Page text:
The buzz around SQL Server on Linux is certainly not new. For more than a year we have been expecting SQL Server to be let loose on previously dreaded Open Source Linux environment. I personally have been waiting to try my hands on doing the install myself and, I recently got round to it. I chose to use Amazon Web Services (AWS) to do my little experiment since I am familiar with AWS services and I think it is one quick way to get a server up and running for experimental purposes. The following steps briefly show how I created my Elastic Cloud Compute (EC2) instance.
Creating an AWS EC2 Instance
Login to your AWS console, navigate to EC2 Service offering and start the EC2 Launch wizard using the button shown in the graphic. I should state here that if you are interested in Amazon Web Services you can consult the documentation available at https://aws.amazon.com/. AWS is an excellent cloud services provider, top of the ranks according to Gartner.
Fig 1. Launch Instance
Choose the RHEL AMI. RHEL is one of the supported distributions of Linux for installing SQL Server vNext, Supported platforms and requirements for installing SQL Server vNext can be found at the SQL-Server-Linux page.
Fig 2. Using and RHEL AMI
Choose an instance type with a configuration strong enough to support SQL Server. I chose the t2.medium instance type since the minimum required memory for running SQL Server on Linux is 3.25GB, which a free tier t2.micro (the type of choice for experiments) will not be suitable for. It is important to know that when choosing an instance type that is NOT free tier, AWS will charge the customer.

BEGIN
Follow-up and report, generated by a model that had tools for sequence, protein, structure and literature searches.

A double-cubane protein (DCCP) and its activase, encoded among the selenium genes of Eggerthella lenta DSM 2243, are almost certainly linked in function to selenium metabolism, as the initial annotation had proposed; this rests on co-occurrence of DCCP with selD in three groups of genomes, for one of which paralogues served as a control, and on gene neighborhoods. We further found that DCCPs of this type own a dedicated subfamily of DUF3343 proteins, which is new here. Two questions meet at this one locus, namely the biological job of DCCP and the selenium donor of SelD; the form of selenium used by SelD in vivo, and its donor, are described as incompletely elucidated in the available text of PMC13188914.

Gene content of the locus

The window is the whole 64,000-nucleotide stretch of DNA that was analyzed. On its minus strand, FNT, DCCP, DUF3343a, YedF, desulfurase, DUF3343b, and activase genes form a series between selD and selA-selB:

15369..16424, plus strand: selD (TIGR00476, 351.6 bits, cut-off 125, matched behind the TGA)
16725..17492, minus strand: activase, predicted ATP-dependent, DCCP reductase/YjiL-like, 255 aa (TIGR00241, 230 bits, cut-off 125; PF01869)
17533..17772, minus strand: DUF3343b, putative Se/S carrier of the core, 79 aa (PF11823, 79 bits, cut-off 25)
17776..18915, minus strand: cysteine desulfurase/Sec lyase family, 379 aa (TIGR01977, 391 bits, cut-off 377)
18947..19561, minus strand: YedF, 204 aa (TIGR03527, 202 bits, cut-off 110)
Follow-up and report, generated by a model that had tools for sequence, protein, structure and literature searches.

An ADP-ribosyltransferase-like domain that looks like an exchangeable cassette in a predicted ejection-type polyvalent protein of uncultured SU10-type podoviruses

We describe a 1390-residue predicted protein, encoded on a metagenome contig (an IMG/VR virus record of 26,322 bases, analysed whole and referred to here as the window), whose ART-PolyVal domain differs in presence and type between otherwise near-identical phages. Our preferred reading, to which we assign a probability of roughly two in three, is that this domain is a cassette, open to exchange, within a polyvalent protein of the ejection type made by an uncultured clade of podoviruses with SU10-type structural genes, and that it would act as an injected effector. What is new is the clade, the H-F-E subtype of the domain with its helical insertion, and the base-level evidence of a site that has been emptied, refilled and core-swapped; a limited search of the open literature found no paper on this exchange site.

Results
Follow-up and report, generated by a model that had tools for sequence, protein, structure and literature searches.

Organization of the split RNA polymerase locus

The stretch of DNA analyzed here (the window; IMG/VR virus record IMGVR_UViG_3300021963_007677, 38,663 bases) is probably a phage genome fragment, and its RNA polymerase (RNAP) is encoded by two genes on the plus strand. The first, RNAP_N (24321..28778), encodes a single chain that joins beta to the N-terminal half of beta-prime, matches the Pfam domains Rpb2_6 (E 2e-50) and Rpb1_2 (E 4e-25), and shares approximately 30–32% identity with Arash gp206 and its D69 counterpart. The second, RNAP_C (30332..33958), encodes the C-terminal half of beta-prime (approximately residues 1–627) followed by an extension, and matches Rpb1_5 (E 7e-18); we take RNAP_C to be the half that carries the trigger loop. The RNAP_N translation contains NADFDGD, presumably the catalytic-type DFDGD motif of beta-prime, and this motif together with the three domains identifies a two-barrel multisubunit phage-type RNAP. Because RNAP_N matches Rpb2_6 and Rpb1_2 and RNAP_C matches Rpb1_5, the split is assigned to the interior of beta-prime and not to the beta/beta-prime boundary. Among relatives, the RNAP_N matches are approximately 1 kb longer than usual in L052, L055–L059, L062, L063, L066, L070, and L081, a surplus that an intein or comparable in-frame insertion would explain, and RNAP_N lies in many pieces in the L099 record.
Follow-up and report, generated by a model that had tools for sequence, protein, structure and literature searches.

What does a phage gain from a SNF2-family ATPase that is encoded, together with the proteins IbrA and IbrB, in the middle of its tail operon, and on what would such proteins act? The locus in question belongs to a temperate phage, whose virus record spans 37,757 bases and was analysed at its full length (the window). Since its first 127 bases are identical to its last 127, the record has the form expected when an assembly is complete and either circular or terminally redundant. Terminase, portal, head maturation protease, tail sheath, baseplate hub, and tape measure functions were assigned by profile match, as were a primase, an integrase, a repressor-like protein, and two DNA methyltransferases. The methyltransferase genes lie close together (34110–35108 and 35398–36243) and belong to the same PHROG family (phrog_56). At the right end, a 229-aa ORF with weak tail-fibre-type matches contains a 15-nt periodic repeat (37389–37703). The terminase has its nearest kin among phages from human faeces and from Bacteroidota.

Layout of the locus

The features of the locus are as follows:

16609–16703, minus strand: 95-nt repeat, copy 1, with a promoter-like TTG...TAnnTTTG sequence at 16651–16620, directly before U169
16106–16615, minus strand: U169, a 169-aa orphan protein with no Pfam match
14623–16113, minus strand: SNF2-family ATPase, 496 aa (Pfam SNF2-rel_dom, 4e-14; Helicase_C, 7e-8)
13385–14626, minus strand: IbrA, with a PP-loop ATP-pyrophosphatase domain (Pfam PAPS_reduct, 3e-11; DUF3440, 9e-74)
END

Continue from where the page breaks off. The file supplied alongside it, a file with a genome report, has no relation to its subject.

Fig 3. Using T2.Medium Instance Type
Configure additional instance details. For the purpose of this demonstration I have used insecure options because I want to avoid the any inconveniences introduced by proper security. In a live scenario you may want to properly define the IAM role desired for the instance and you may want to use a Custom VPC. You can also consult AWS Security Best Practices White Paper for recommendations on architecting secure cloud infrastructure.
Fig 4. Instance Details
In this step I add two additional Elastic Block Storage (EBS) volumes because I want to create my databases on separate volumes. It is worth noting that EBS is the preferred storage type for database files on AWS.
Fig 5. Adding Volumes
Adding tags on AWS assets is optional but helps in identifying the assets for a number of reasons including billing.
Fig 6. Adding Tags
Security groups are a way of controlling access to your environment at Layer 3 of the OSI model in AWS. In this demonstration I have a security group called MSSQL in which I have defined access to my Linux Server on ports 22 and 1433 from everywhere. Again this is another evil security practice. In a live environment you may want to specify the IP addresses or subnets that should have access to the server on ports 22 (for SSH access) and 1433 (for database instance access).